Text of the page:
The Force Awakens is the Star Wars movie fans have been waiting for, lo these many years.
As much a restoration as it is a reboot of a cherished movie franchise, it’s the first return trip to that galaxy far, far away since at least 1983 that requires no excuses or apologies.
It’s a complete pleasure to behold from start to finish: from the familiar scene-setting scroll — this time pulling us into the story’s central mystery and quest — to the final triumphant notes of John Williams’ classic score. The Force Awakens isn’t just one the finest movies of 2015, it’s the best movie of the year, full stop.
In a single stroke, incoming director J.J. Abrams has accomplished a feat that series creator George Lucas was unable or unwilling to do over three underwhelming Star Wars prequels from 1999 to 2005. Much as he did for Star Trek in 2009, Abrams has revived and re-energized a sci-fi franchise that many had thought was a spent force. (His Star Trek cinematographer Dan Mindel makes full use of the wide 3D screen here, his work steadier and more flare-free than in earlier collaborations with Abrams.)
All but ignoring the muddled Star Wars prequels, Abrams and primary screenwriter Lawrence Kasdan smoothly connect events and characters from the original trilogy of 1977-83 with the new challenges and players of an emotionally rewarding saga that will eventually comprise a third trilogy. Kasdan co-wrote the two films preceding this seventh episode, The Empire Strikes Back (1980) and Return of the Jedi (1983), so continuity is built right in. (Abrams and Toy Story 3’s Michael Arndt share co-writing credits.)
The seamless way original Star Wars actors Harrison Ford and Carrie Fisher interact with newcomers Daisy Ridley, John Boyega, Adam Driver, Oscar Isaac and more, through well-balanced use of drama, comedy and action, is arguably the single greatest achievement of The Force Awakens.
So much could have gone wrong but didn’t, with Ford’s cynical flyboy Han Solo in particular proving that a beloved character can return long after the fact and be more than a walk-on. The film also manages the neat trick of satisfying ardent fans — there are innumerable callbacks to favourite series moments, such as the multi-alien cantina gathering — while at the same time not overwhelming Star Wars newcomers.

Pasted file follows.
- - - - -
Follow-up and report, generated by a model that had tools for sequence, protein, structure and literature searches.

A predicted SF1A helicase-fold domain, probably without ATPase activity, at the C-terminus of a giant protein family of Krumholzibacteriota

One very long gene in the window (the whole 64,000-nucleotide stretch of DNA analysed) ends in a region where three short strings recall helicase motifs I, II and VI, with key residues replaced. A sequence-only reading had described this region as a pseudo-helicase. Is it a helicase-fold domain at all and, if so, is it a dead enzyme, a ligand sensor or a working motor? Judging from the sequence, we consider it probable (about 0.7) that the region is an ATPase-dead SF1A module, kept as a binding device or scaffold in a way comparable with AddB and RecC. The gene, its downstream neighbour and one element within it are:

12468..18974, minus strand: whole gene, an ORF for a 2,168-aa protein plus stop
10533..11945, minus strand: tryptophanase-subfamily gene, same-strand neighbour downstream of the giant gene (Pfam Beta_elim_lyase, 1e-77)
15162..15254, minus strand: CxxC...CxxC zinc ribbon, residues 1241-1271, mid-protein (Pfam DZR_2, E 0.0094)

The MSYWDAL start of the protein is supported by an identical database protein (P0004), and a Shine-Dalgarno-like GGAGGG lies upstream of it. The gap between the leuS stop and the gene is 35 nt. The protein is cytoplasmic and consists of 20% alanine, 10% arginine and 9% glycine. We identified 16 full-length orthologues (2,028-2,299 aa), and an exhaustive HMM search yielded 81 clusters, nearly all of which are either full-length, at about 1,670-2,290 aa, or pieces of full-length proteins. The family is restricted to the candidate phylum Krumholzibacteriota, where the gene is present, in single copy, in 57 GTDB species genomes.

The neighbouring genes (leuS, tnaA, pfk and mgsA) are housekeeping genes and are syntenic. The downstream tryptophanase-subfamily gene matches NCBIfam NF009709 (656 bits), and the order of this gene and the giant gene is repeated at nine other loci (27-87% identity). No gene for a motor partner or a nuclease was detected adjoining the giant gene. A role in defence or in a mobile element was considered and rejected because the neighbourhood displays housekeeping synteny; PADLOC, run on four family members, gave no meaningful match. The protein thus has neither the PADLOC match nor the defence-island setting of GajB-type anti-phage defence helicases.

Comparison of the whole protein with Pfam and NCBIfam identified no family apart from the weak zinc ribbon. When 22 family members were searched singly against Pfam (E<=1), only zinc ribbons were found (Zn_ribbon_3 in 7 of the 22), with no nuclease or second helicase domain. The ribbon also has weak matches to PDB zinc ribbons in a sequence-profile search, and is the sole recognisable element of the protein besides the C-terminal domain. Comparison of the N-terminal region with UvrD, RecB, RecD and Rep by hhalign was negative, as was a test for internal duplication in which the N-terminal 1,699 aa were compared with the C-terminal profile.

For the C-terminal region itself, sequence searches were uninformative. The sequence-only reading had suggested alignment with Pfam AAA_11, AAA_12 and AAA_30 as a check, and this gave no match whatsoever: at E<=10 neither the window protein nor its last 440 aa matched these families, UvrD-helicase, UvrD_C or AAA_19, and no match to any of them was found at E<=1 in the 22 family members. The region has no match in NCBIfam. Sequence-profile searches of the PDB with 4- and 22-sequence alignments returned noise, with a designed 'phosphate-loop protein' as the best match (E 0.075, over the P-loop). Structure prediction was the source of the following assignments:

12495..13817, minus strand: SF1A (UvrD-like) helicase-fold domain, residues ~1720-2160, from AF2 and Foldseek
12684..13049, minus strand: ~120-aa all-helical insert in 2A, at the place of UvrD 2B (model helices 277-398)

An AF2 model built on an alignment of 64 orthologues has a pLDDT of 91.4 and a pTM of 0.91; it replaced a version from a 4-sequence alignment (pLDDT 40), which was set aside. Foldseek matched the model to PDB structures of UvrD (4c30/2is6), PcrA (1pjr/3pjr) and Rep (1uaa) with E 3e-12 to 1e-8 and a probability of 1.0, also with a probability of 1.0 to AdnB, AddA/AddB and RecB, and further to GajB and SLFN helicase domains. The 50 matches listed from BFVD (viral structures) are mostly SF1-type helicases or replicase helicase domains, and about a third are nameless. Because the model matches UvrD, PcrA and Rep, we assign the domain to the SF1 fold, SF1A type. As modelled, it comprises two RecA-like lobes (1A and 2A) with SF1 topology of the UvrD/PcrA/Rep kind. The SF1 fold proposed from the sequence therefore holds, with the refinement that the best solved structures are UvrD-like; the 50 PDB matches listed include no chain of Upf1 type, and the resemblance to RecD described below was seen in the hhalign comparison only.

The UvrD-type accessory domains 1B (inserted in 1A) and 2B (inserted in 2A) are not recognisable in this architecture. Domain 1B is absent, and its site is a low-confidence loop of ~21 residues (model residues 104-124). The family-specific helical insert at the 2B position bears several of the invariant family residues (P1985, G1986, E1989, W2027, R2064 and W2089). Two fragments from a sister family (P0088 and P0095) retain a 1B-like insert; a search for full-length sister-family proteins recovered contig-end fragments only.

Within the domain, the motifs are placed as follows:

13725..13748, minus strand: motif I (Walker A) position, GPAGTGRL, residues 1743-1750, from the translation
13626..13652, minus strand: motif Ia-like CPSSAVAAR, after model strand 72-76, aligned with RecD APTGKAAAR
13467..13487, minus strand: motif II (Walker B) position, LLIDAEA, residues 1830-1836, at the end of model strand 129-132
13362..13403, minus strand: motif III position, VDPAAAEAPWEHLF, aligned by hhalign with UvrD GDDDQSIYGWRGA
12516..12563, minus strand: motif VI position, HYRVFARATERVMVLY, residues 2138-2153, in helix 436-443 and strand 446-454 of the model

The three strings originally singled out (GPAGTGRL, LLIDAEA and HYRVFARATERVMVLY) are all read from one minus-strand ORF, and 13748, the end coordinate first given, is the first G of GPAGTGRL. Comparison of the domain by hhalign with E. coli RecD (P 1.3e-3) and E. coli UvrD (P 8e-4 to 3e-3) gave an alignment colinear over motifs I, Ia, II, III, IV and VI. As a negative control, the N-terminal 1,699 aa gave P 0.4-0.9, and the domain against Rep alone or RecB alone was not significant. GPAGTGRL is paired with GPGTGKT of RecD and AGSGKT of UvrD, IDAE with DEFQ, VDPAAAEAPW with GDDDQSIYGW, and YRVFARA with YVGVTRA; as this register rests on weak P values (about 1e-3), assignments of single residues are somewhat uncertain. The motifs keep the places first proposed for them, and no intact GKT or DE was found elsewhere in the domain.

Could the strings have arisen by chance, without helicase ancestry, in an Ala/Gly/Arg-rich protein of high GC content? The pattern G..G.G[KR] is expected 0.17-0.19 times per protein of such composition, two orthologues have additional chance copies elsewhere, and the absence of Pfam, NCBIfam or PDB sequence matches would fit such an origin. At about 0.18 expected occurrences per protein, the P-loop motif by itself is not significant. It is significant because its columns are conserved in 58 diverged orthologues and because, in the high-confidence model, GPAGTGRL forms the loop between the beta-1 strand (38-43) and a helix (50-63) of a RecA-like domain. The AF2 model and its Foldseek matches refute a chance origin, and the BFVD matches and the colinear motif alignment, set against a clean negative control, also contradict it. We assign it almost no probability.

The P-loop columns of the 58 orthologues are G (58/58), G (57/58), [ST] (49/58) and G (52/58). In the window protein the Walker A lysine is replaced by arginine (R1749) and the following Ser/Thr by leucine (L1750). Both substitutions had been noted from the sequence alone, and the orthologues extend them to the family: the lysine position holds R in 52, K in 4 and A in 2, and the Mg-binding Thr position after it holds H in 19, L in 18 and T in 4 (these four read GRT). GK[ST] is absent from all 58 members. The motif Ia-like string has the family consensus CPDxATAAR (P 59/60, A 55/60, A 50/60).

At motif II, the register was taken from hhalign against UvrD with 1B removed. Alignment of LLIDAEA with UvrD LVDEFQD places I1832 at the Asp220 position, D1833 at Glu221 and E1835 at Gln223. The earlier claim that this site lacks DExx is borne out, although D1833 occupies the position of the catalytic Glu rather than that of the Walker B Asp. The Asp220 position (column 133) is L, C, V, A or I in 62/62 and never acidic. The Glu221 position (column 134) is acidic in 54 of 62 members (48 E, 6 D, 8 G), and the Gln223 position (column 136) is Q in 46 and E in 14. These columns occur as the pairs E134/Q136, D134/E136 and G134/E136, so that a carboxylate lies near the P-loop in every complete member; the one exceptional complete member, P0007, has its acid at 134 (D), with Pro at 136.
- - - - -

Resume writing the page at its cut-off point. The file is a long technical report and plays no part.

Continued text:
Set 30 years after events of Return of the Jedi, the movie that saw Darth Vader and his evil Empire vanquished by the righteous Rebel Alliance, The Force Awakens finds new “shadows spreading across the galaxy,” to use one character’s evocative phrase.
A fresh band of “dark side” fascists called the First Order, inspired by Vader and commanded by masked warrior Kylo Ren (Driver), under the tutelage of Supreme Leader Snoke (Andy Serkis), seek to brutally restore the Empire’s galactic domination plan. They have in their arsenal a planet-smashing giant orb called Starkiller Base that is significantly larger than Vader’s Death Star.
Opposing them, often called to heroism by accident, are the “light side” fighters and friends of the Resistance (formerly Rebel Alliance): Ford’s Millennium Falcon pilot Solo; Fisher’s Resistance-leading General Leia Organa (formerly Princess Leia); Ridley’s scavenger loner Rey; Boyega’s renegade stormtrooper Finn; Isaac’s ace Resistance X-wing pilot Poe Dameron; and Lupita Nyong’o’s wise pirate Maz Kanata.
And what of Mark Hamill’s Luke Skywalker, the Jedi knight whose youthful call to adventure started the series off? Rest assured that he’s not forgotten.
Don’t forget the non-human stars old and new: Peter Mayhew’s brave and hairy Millennium Falcon co-pilot Chewbacca; Anthony Daniels’ fusspot robot C-3PO; Kenny Baker’s reliable droid R2-D2; and a delightful and kinetic new rolling droid called BB-8, key to the story and destined to become a fan favourite.
More than this you don’t want to know going in, but I’ll leave you with three final thoughts: The humour is great, especially Solo’s sarcastic jabs; there’s welcome diversity to the cast, especially the strong female roles; and there are no annoying characters like Ewoks or Jar Jar Binks who exist merely to sell toys.
What more could you ask for from a Star Wars movie, or indeed from any blockbuster?